"Find A Way To Say Yes"

        November is National Diabetes Month and it has special significance to me. It’s been 8 years since I heard our pediatrician tell me “Your son has Type 1 Diabetes” (T1D). This year, my son became an adult. I’m so proud of his accomplishments and I hope that I can inspire other parents. I want them to be able to encourage their kids to be independent, and able to manage their disease into adulthood.

Each year over 13,000 new cases of T1D are diagnosed in children and teenagers, making it one of the most common chronic diseases in American children (Joselyn Diabetes Center).

         When Tyler was diagnosed, I didn’t know much about T1D, even though I have 2 siblings that have been living with T1D for decades. I felt guilty and ashamed not being able to predict or foresee his destiny, and embarrassed for not being up to date with the latest research and technology.                                                                                                                                                                        

         I thought that maybe I could make it up to him and give him the courage to not let this disease stop him by encouraging him to talk with others about T1D. I thought it would help him if he stepped out of his comfort zone and educated others about his disease.

         I had my reservations considering how the Millennial Generation communicates. Ever witness teenagers sitting together on their smart phones, tweeting, texting, pinning, all without mumbling a word to their friends? I can’t figure out what’s so smart about that. I wonder if that’s communication? I call it No-munication! If I want to get through to these teens, I need to find a way to identify with the new “Me” generation. Is there new technology to help parents inspire their kids to avoid low health literacy?  Is there an App I can download?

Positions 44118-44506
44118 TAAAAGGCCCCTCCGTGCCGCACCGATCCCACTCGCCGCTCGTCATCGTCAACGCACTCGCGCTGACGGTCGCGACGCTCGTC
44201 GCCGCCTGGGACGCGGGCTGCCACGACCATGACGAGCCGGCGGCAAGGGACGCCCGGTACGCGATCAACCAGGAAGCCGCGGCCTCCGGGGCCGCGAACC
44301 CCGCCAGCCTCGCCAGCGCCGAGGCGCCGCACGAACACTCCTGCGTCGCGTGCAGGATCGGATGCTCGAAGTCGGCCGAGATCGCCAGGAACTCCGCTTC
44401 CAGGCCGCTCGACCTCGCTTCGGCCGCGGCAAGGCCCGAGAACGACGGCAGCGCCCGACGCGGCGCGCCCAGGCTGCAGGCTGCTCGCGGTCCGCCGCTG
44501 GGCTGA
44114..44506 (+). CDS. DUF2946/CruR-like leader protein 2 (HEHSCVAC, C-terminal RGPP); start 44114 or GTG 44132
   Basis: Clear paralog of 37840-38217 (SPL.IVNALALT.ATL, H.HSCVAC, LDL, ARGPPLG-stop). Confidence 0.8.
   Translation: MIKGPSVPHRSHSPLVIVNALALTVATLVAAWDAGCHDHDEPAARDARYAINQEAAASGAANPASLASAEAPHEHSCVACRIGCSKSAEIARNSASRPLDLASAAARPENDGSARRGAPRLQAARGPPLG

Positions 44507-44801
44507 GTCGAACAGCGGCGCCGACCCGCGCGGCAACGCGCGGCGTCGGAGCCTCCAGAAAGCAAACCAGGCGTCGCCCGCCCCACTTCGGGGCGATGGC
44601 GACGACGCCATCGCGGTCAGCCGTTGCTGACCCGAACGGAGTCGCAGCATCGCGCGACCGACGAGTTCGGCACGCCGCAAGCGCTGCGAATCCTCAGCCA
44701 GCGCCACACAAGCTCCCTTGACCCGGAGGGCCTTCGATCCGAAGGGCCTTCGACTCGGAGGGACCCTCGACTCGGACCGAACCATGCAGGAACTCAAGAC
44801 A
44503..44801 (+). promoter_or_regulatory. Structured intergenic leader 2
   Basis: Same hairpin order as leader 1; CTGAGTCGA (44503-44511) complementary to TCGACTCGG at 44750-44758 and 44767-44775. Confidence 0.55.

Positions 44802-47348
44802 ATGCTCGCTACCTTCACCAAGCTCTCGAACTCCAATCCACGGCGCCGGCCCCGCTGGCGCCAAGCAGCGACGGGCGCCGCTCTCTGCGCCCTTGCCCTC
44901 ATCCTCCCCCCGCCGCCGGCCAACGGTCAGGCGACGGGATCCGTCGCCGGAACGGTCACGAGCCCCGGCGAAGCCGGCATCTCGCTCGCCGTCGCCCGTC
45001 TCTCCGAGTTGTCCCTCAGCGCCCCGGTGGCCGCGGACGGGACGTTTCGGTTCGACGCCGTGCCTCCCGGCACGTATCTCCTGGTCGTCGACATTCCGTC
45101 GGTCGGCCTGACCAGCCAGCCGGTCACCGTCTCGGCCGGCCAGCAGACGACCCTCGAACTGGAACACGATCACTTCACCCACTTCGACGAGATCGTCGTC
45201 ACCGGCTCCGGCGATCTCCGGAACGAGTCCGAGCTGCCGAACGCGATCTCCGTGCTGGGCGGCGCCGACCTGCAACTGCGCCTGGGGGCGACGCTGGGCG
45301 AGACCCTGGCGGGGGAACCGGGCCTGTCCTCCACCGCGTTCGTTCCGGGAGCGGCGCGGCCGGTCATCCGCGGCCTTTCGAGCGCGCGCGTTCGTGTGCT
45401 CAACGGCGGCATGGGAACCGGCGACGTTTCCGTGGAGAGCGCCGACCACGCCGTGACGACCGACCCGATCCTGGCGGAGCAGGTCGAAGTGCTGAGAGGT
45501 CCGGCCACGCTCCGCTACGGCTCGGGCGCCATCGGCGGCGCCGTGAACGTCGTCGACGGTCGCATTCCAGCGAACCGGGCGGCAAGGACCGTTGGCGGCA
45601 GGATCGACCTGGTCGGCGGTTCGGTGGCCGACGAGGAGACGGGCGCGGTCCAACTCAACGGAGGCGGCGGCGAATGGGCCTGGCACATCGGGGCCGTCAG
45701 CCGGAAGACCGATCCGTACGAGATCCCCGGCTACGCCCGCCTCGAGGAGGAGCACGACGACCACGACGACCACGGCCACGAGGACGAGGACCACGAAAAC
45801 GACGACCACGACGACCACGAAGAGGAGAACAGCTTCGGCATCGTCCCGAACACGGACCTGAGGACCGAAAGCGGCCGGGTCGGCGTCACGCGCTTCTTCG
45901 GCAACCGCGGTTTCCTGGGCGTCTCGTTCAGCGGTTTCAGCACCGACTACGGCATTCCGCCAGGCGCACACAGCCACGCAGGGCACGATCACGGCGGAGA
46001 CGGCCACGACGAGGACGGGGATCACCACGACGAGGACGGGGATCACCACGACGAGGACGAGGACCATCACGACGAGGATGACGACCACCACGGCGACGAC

A finger prick of blood onto a test strip would have a meter speaking your results in 5 seconds, a far cry from the method years ago that I witnessed waiting minutes to read the results from a urine test for my siblings. But has technology provided the means to communicate enough to prepare a newly diagnosed child with ways to acclimate to their new life style?

        It was back to the basics with Tyler,  and we developed a 4-step approach for communicating  about his diabetes.The four steps include setting goals, describing the situations and challenges that get in the way, thinking about each other’s perspectives, and agreeing on a compromise. Through this new approach, we found a way to break through the communication barrier.  The daily stresses and concerns about our new lifestyle became easier one calamity at a time. Tyler became motivated by his latest mantra, “Find a Way to Say Yes”. Outfitted with his backpack stuffed with test strips, alcohol swabs, lancets, meter, glucose tabs, juice boxes and syringes, he was on his way to becoming an inspiration.

         Through the years of bike riding and bowling fundraisers, newspaper articles, radio interviews, television appearances, public speaking events and helping start a non-profit organization, Tyler has immersed himself in communicating his experiences with T1D. The knowledge and skills that he has gained for the past 8 year have culminated in an opportunity for him to lead support groups around the country, sponsored by a major pharmaceutical company and presenting an unbranded presentation to other parents and their T1D children.            The 4-step approach has worked successfully for him, as well as communicating with parents, friends, doctors, caregivers, clergy, educators, coaches, and industry professionals about his life with T1D.

         Finger pokes, counting carbohydrates and taking insulin is just the part of T1D that you see.  I’m glad I found a way to explain what you don’t see. That’s what I call communication! 

Evan Kramer